Global medtech giant Medtronic manages a highly diverse region that spans both developed and developing markets from its UAE offices. The firm continues to see growth potential in both types of markets, as well as abundant opportunities to improve outcomes for potentially millions of patients through its technologies.
Diverse Markets; Diverse Challenges
As the company’s president for Central and Eastern Europe, Middle East and Africa, Majid Kaddoumi, explains, the markets under his remit “range from mature, reimbursed and highly accessible markets to markets that do not have basic standards of paramedic care.”
If the markets in this region had the same penetration rates as Western Europe, the business would be at least four or five times bigger in size
He continues, “You can place Central and Eastern Europe, Turkey, South Africa and Saudi Arabia on the more advanced side, then you can find some markets that have good infrastructure like the Gulf region but that are still evolving in terms of access points and desired level of quality. On the other side, there are markets with large populations like Pakistan and Egypt that are trying to build their own fully covered public insurance scheme with better accessibility and where quality is taken into account.”
Despite this diversity, Kaddoumi identifies a unifying factor across this vast region which is “that we are still far from the penetration rates that we aspire to, particularly when you compare it with North America or Western Europe. Everyone recognizes that aspect in the region and the various countries are trying to close the gap fast.”
He adds, “the two main reasons for the current low penetration rates are infrastructure and human resources issues, which goes from physicians to nursing staff, technicians, and even insurance and reimbursement back office team members.”
Kaddoumi is, nevertheless optimistic that this low penetration rate can be overcome and that more patients in these markets will be able to gain access to Medtronic technologies in the near future. “Every year we observe a double-digit growth rate in the number of patients getting access to therapies… There is a tremendous amount of government interest in showing progress when it comes to accessibility to healthcare; they are putting the resources in place.”
The potential is clear. “If the markets in this region had the same penetration rates as Western Europe, the business would be at least four or five times bigger in size,” exclaims Kaddoumi.
There is, though, the danger of moving too fast towards this admirable goal. “We sometimes see the discussions shifting to bringing new technology into the country by manufacturing, which are valid,” notes Kaddoumi. “However, it is premature for most countries because they first need the right level of infrastructure to be able to get to manufacturing.”
The medical device industry is increasingly moving towards greater adoption of digital tools, which are often highly complex and expensive. Kaddoumi, however, is keen to stress that these tools should not merely be the preserve of developed markets in Western Europe and North America, but that they can drive better patient outcomes across the world. “We are looking at interruptive technologies that are made for the less fortunate markets and not only the advanced ones; those technologies could help solve the issue of unavailability of physicians and infrastructure,” he notes.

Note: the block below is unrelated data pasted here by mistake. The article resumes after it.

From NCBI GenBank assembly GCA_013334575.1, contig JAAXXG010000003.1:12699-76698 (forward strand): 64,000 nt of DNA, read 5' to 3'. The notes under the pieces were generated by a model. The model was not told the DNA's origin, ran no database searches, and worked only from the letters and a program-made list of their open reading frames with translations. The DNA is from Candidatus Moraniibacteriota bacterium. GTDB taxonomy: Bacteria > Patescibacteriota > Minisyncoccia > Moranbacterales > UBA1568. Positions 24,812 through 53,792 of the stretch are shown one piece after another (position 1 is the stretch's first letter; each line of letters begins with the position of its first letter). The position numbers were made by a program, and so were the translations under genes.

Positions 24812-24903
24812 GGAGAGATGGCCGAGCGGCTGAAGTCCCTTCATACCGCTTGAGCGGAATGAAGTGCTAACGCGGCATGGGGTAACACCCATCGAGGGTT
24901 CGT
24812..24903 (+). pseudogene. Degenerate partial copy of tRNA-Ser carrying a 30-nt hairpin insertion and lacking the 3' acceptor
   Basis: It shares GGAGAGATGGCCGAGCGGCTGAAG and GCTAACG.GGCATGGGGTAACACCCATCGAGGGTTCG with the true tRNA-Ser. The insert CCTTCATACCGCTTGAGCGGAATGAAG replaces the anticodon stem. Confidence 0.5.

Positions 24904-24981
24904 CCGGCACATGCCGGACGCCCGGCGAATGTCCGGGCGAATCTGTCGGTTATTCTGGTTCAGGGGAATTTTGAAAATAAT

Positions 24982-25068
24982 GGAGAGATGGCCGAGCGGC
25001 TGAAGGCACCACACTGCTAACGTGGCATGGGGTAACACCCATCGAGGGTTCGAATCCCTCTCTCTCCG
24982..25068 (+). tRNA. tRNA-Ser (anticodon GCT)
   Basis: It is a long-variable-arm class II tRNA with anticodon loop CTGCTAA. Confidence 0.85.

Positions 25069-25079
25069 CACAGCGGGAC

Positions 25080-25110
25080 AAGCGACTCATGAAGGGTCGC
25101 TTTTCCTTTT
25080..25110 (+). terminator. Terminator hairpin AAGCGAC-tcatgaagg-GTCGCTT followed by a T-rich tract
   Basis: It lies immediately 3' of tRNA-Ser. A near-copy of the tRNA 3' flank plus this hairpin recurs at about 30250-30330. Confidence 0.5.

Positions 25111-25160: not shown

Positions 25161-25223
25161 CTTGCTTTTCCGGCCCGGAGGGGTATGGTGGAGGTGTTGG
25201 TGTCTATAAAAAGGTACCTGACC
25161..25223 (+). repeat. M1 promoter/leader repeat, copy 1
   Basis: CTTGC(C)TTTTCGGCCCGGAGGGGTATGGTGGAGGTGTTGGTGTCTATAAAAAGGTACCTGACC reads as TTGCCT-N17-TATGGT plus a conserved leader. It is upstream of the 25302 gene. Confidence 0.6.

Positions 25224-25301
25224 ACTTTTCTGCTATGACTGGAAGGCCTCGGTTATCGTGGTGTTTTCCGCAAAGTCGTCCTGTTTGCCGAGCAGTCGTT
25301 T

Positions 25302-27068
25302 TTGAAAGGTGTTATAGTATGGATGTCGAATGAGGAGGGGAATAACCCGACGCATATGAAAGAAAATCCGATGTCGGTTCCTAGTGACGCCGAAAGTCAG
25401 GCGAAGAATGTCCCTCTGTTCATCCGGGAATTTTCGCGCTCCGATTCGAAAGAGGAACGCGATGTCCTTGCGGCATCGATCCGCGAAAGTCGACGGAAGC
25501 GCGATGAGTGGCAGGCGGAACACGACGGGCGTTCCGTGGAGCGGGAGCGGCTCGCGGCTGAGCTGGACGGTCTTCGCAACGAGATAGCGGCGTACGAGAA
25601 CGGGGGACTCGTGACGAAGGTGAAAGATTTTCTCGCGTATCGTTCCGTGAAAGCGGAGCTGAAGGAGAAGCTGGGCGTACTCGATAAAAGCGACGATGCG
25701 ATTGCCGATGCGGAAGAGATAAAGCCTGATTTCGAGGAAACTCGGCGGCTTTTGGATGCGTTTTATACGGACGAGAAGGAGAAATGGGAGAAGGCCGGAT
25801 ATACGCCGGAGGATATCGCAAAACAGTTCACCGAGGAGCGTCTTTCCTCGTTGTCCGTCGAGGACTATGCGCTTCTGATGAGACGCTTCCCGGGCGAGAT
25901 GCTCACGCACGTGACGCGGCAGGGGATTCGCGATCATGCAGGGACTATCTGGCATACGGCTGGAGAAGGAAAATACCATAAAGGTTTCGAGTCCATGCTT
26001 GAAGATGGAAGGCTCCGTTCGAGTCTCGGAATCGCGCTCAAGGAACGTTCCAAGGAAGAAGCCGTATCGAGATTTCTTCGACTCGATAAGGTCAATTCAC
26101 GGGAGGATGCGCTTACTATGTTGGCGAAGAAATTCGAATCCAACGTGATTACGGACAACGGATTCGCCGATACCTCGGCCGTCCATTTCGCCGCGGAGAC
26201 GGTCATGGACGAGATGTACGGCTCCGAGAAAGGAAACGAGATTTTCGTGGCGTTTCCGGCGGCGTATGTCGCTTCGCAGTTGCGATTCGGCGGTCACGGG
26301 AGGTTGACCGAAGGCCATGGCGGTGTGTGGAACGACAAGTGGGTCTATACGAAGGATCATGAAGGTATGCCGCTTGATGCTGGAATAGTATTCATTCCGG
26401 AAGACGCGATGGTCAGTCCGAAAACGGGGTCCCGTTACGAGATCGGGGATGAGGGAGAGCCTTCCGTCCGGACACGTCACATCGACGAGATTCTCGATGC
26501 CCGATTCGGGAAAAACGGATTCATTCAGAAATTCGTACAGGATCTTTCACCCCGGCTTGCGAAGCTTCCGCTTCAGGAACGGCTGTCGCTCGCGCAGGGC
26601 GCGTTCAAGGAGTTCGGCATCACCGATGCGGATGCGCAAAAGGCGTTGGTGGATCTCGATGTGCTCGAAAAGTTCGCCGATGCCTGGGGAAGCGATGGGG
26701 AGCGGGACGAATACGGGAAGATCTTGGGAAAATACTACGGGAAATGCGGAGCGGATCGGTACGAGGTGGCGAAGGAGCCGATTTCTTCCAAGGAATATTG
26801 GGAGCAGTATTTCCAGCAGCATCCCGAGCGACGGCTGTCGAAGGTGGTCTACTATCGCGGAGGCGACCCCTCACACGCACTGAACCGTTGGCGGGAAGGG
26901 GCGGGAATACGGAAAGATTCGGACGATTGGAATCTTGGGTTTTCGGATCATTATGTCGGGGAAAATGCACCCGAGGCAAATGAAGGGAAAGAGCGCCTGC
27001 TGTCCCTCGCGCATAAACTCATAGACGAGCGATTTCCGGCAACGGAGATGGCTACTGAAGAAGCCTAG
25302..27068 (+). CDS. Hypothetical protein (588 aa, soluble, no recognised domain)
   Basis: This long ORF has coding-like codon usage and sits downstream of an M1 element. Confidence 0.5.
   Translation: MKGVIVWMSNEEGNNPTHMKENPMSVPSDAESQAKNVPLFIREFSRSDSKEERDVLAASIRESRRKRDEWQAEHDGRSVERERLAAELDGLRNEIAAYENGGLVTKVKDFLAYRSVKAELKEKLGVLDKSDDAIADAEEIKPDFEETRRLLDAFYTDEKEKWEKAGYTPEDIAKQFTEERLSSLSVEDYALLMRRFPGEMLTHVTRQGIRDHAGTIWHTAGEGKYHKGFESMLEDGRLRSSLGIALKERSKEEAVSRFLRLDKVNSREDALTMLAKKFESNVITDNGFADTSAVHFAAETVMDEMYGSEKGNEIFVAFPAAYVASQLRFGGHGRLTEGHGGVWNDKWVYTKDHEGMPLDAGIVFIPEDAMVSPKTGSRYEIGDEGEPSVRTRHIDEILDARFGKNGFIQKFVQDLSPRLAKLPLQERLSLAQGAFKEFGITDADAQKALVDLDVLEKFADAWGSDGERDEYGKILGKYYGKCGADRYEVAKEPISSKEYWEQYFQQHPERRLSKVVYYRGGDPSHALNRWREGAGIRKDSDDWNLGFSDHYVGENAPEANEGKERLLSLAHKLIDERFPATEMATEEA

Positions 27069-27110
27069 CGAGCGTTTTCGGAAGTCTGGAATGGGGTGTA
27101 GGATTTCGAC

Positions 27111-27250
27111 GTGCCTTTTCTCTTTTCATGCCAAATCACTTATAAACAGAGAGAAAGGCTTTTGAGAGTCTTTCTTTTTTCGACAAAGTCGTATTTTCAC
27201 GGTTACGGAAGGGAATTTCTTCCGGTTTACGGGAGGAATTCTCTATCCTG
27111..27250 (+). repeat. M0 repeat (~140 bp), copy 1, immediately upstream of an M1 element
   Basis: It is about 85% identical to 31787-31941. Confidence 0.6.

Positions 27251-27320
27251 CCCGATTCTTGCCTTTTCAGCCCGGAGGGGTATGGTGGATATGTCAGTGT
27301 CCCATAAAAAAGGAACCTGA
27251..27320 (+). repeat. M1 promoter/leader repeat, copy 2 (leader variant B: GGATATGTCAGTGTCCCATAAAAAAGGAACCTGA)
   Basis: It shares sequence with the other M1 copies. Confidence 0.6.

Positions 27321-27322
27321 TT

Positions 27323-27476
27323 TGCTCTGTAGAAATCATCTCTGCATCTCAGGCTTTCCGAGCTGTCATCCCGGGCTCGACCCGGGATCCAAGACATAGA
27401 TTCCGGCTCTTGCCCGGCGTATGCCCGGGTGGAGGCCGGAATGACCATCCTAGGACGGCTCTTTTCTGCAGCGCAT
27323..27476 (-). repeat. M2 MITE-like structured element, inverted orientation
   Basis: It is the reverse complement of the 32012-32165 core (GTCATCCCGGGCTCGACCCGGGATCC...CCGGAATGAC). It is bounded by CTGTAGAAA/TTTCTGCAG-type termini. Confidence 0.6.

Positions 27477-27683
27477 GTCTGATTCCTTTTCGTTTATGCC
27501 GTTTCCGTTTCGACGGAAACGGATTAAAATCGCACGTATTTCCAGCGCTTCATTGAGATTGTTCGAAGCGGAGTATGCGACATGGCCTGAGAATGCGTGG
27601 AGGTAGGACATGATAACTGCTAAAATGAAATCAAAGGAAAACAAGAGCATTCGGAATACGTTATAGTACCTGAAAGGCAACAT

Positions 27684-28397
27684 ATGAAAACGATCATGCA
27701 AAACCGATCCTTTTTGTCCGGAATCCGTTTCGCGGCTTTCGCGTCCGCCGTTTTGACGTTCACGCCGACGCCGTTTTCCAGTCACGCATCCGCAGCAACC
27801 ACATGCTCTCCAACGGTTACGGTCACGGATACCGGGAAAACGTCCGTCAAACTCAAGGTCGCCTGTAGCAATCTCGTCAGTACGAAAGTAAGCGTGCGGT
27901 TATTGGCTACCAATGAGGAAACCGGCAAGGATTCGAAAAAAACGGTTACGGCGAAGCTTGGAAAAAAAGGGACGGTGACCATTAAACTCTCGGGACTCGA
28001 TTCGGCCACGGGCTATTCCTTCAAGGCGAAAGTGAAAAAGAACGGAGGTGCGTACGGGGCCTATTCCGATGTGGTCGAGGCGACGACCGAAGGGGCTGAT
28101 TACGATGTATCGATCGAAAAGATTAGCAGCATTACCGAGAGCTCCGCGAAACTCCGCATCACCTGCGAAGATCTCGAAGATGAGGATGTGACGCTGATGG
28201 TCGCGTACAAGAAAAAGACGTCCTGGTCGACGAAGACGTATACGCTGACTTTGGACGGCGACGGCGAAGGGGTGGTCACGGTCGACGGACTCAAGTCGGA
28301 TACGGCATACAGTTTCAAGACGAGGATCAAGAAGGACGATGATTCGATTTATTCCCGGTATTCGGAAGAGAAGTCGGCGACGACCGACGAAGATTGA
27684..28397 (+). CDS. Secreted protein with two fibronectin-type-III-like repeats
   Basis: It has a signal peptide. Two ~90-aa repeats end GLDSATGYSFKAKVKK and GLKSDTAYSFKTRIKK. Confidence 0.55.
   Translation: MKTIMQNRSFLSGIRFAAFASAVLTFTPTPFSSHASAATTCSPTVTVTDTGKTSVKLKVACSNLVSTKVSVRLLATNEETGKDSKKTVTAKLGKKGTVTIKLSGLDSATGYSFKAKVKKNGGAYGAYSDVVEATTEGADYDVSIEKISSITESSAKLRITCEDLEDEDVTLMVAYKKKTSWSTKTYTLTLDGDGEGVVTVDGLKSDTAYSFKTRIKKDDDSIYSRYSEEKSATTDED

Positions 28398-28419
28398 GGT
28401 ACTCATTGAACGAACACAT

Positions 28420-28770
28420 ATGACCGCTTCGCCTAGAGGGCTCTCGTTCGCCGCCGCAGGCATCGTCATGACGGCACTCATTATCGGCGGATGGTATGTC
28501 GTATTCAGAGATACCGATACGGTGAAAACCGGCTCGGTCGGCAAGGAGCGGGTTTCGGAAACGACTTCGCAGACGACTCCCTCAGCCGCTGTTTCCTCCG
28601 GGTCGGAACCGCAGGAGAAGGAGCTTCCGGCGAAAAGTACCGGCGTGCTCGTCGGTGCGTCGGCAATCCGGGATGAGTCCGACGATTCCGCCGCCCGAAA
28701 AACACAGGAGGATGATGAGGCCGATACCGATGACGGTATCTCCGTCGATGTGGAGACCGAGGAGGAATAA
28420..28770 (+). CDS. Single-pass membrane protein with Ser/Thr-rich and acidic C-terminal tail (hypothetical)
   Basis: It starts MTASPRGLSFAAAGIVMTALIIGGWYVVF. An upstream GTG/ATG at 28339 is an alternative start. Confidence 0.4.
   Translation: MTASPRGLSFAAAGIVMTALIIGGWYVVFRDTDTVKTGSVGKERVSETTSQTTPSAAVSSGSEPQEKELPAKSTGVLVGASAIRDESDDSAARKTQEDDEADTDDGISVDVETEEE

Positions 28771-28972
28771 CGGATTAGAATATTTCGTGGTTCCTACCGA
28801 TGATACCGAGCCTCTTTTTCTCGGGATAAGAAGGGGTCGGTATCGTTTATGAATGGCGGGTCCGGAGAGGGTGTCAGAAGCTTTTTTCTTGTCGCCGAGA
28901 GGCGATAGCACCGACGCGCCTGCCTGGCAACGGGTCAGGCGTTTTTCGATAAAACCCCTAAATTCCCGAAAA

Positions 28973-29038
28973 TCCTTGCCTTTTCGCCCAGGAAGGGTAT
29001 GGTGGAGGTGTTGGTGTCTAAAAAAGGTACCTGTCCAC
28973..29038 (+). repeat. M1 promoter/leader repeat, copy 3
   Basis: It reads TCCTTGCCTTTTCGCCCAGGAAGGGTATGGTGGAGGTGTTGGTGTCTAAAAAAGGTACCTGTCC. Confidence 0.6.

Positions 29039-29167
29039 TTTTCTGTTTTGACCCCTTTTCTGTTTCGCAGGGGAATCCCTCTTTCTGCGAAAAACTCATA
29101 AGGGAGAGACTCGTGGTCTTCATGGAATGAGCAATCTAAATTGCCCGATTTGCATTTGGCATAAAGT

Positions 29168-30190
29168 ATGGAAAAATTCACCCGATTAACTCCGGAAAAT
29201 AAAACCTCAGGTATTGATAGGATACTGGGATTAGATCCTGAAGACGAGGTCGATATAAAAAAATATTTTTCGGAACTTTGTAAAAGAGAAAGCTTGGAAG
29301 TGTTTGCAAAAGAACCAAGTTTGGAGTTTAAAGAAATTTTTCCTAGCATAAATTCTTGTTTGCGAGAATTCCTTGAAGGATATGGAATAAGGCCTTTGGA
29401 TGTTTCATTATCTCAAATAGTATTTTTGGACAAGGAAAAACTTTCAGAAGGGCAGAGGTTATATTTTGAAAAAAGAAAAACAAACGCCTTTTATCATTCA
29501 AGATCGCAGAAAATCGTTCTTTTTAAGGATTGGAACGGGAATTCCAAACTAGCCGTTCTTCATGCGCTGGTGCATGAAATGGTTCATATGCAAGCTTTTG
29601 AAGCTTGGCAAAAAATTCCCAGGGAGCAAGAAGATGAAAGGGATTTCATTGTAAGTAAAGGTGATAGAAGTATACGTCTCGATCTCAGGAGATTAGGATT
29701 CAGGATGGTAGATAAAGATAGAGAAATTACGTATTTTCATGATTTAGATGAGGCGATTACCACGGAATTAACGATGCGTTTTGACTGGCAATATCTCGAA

In terms of greater uptake of data and artificial intelligence tools in the region, Kaddoumi asserts that “Once we have that data, there will be a dramatic increase in efficiency and quality across the system. The standard of care will simply be better if we use data to compare and learn.” He continues, “data can also help us to recognize conditions better in terms of prediction and analysis; it can help make the system more intelligent in terms of prioritizing resources.”
However, technology alone will not solve the complex healthcare problems which exist in emerging markets. “We believe that introducing the latest technology is not enough, we need to support the patients and the system,” states Kaddoumi. “For example, we have signed a contract with Saudi Arabia’s Minister of Health for a pilot program that is already treating patients with diabetes and we hope to obtain the same great results as we did with the same program in The Netherlands. Expanding into this region and training up more staff is a priority. The company has also built academies that allows physicians to be trained.”
He adds, “Another example is the Integrated Hospitals Solutions (IHS) program, which is enhancing efficiency and effectiveness of patient care settings, such as cardiac catheterization labs and operating rooms. We have several partnerships in the region where we designed facilities and provided financial arrangements and trainings to deliver units that are currently treating patients.”
Remote clinical management is another area in which Medtronic is active, although Kaddoumi is again cautious about how quickly it can be rolled out in the region he covers. “We have discussed remote patient monitoring with a few governments in the region,” he says.
“We do have that capacity in the United States, for example, and use it with patients with specific complex needs in remote areas. Physicians are able to connect with patients across the country, but the infrastructure needed, and the language barrier makes it difficult in this region at the moment. The interest from governments is there and hopefully the required regulatory systems will be put in place. It is the future; it is going to happen because it is a great way to reduce costs for chronic care and post-operation care. It is not only a clinical discussion but an economic one as well. Medtronic has the capacity and is working on the challenge.”